The player who burst onto the scene as a baby-faced upstart is now a grizzled veteran with nearly two decades of pro golf behind him. While the changes this year occurred both on and off the course, 2017 will always be remembered as the year when Garcia finally, improbably, earned the title of major champion.

Masters victory

Article: Garcia defeats Rose to win Masters playoff

Article: Finally at peace: Garcia makes major breakthrough

Article: Garcia redeems career, creates new narrative

Video: See the putt that made Sergio a major champ

Green jacket tour

Article: Take a look at Sergio's crazy, hectic media tour

Article: Garcia with fiancée, green jacket at Wimbledon

Article: Watch: Garcia kicks off El Clasico in green jacket

Man of the people

Article: SERGIO! Garcia finally gets patrons on his side

Article: Fan finally caddies for Sergio after asking 206 times

Article: Sergio donates money for Texas flood relief

Article: Connelly, Garcia paired years after photo together

Ace at 17th at Sawgrass

Growing family

Article: Sergio, Angela get married; Kenny G plays reception

Article: Garcia, wife expecting first child in March 2018

Departure from TaylorMade

Article: Masters champ Garcia splits with TaylorMade

Squashed beef with Paddy

Article: Harrington: Garcia was a 'sore loser'

Article: Sergio, Padraig had 'great talk,' are 'fine'

Victory at Valderrama

Article: Garcia gets first win since Masters at Valderrama

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Newsmakers of the Year: Top 10 in 2017

By Golf Channel DigitalDecember 12, 2017, 12:30 pm
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Montana parents can't watch kids play high school golf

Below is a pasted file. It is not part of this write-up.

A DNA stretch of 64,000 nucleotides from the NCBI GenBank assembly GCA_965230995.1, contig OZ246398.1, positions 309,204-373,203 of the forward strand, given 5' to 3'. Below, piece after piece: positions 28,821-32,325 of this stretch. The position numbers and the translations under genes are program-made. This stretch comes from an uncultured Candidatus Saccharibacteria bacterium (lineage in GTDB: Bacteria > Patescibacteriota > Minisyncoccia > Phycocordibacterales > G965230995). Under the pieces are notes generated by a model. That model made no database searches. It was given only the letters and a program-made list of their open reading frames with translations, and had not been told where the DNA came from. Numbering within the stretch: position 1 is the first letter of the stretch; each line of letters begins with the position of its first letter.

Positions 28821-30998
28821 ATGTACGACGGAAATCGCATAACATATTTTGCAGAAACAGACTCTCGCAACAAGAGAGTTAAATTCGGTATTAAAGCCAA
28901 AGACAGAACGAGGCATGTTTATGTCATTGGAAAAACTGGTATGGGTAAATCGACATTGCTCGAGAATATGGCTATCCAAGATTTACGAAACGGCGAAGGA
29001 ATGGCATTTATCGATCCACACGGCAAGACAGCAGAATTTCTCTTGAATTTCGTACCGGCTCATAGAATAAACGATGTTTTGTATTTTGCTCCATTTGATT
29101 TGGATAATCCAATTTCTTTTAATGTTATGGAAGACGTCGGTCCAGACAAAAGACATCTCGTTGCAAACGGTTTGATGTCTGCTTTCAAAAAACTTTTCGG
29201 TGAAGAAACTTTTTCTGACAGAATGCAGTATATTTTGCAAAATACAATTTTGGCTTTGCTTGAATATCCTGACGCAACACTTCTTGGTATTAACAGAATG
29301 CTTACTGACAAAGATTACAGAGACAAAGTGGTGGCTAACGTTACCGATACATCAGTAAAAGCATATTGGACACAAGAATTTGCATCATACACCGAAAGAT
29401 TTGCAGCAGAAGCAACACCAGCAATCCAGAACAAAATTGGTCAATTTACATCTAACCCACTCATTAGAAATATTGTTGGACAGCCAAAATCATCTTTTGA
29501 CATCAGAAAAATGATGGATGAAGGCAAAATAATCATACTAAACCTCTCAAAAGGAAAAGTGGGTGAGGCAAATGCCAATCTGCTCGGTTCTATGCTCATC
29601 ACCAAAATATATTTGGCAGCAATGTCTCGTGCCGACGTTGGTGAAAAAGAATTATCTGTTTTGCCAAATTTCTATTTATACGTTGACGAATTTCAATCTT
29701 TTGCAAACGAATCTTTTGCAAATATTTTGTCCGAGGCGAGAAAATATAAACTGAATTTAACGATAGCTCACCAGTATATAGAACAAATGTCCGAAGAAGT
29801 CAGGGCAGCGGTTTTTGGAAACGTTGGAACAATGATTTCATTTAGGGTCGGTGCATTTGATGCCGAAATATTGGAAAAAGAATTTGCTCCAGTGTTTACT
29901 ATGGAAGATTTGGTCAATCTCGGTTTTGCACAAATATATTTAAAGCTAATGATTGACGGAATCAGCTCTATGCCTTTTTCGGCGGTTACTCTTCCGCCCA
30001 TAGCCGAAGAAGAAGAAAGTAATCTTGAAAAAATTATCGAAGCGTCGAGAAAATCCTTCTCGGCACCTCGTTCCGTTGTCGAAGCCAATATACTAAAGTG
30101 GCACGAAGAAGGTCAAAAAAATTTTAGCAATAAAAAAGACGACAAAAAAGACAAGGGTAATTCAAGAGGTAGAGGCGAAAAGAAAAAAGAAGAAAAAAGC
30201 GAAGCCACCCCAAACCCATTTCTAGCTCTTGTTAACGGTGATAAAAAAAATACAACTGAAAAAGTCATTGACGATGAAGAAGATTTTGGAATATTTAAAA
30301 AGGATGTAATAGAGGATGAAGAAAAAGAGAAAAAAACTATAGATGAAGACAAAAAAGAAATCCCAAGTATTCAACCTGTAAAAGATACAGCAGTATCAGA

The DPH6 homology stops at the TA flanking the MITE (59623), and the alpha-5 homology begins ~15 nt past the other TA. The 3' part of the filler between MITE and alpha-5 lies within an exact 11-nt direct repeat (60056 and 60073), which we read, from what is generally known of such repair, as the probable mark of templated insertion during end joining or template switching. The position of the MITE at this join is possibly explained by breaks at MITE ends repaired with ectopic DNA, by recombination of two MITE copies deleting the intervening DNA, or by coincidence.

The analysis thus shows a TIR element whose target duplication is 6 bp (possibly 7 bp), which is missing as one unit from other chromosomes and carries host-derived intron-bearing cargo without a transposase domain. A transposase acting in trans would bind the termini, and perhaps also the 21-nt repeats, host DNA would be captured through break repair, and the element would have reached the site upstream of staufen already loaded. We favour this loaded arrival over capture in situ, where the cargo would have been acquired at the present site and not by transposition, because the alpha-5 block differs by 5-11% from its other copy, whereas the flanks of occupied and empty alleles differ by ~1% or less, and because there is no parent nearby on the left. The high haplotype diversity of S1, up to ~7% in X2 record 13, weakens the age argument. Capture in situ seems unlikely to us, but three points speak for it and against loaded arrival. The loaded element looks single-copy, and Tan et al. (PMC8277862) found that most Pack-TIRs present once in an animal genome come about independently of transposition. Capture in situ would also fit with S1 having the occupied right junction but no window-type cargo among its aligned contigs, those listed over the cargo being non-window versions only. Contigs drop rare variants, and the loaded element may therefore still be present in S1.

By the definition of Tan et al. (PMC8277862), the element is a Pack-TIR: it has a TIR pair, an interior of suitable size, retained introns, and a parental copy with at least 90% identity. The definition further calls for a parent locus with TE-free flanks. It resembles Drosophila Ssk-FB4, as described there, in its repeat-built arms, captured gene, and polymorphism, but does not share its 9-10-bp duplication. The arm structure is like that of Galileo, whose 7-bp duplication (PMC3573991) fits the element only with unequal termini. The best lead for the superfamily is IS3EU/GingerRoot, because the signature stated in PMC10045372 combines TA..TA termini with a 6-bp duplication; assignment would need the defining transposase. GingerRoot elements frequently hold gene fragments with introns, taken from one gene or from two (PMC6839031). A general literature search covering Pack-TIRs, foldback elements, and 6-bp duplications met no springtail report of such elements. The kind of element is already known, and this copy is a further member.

By Grill Room TeamDecember 11, 2017, 9:47 pm

Well, this is a one new one.

According to a report from KTVQ in Montana, this line in the Montana State High School Association rule book all but forbids spectators from observing high school golf in that state:

“No spectators/fans are allowed on the course except for certain locations as designated by the tournament manager and club professional.”

Part of the issue, according to the report, is that most courses don't bother to designate those "certain locations" leaving parents unable to watch their kids compete.

“If you tell a parent that they can’t watch their kid play in the Thanksgiving Day football game, they would riot,” Chris Kelley, a high school golf parent, told KTVQ.

The report lists illegal outside coaching as one of the rule's chief motivations, but Montana State women's golf coach Brittany Basye doesn't quite buy that.

“I can go to a softball game and I can sit right behind the pitcher. I can make hand signals,” she is quoted in the report. “I can yell out names. I can do the same thing on a softball field that might affect that kid. Football games we can yell as loud as we want when someone is making a pass or a catch.”

The MHSA has argued that unlike other sports that are played in a confined area, the sprawling nature of a golf course would make it difficult to hire enough marshals to keep unruly spectators in check.

Meanwhile, there's a lawyer quoted in the report claiming this is some kind of civil rights issue.

Worth note, Montana is one of only two states that doesn't allow spectators on the course. The other state, Alaska, does not offer high school golf.